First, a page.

A Guide to Dog Park Etiquette: Have a Safe and Fun Trip with these Tips
A trip to the dog park is a fun and engaging way to spend time with your dog. The dog park offers your dog lots of mental stimulation and a chance to meet their physical needs as well. It’s a great way to keep your dog exercised and happy, often offering your dog so much more than a leashed-walk around the park.
But before you head to the dog park, you want to make sure you’ve got your dog park etiquette down. Knowing what to expect, when to go, and how to behave (yes, you and Fido!) is going to make your visit a lot safer and more fun.
Here we’ll cover everything you need to know to for your dog park etiquette to be on point.
Have the proper ID, registration, and be up to date on vaccines
First and foremost, it’s essential that your dog is wearing a collar with an identification tag on it when they visit the dog park. While almost all dog parks are fenced in, often with a double-gated entry to prevent escapes, it’s safer for your dog to have your information on them should they manage to bolt while enjoying some time off leash.
In addition to having their name and your information on their collar, your dog should only be visiting a dog park if they are up to date on all of their shots. This keeps other dogs are the park safe. When your dog receives their rabies shot, you get a tag from your vet. Put this on their collar as well, this way should anyone find your dog, they won’t have any doubts about the safety of interacting with them.
Lastly, as a responsible dog owner, it is important that you register your dog with your town or city. This usually involves sending your dog’s up to date rabies information to your town clerk with a nominal fee each year. This lets the town know that dogs are living at your address should any issues arise.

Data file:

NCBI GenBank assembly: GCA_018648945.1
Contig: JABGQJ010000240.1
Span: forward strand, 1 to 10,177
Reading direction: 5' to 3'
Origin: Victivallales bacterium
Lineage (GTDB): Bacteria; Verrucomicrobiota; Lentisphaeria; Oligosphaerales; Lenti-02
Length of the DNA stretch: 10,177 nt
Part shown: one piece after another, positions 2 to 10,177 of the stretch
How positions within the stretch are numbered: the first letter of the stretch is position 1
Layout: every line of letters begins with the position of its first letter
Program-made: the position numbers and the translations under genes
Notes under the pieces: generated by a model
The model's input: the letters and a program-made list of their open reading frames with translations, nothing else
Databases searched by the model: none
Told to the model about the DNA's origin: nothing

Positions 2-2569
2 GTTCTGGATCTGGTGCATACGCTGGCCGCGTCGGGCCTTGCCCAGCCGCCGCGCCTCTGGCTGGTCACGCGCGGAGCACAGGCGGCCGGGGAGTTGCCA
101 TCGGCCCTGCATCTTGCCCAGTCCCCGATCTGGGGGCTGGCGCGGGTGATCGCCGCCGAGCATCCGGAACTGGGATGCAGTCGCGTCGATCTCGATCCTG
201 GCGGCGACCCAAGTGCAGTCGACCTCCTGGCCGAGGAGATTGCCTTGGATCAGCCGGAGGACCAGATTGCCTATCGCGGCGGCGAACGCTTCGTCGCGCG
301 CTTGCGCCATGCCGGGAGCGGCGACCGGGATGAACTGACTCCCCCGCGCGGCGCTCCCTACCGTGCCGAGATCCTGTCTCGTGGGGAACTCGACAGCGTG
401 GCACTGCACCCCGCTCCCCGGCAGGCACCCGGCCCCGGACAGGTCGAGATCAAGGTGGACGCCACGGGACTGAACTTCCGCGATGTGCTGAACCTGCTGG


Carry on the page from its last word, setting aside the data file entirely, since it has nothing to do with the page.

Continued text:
You and your dog shouldn’t be visiting the local dog park if you haven’t taken the steps to register your dog. Dog parks are often a place where police officers or town animal safety officers will come to check on dog registrations.
Know when to go based on your dog’s temperament
If you are new to the area or new to visiting the dog park, ask around to find out what it’s like and when it’s busy. In general, dog parks tend to be busiest on the weekends and during after-work hours because this is when owners have the most time to get out with their dogs. Dog parks often tend to have a group of "regulars" at certain times which do kind of rule the atmosphere. Some dogs like to play rough while others are more into chasing and running.
If you have a dog that loves to get their play on and socialize to the extreme, going during busy times shouldn’t be a problem at all. However, if your dog is shyer, or likes to use the dog park as an area to play fetch rather than wrestle or socialize, you should consider planning a visit during less busy times.
Obey the posted dog park rules
When it comes to dog park etiquette, I’d hope this would go without saying-- but in general, make sure you’re obeying the posted rules and signage!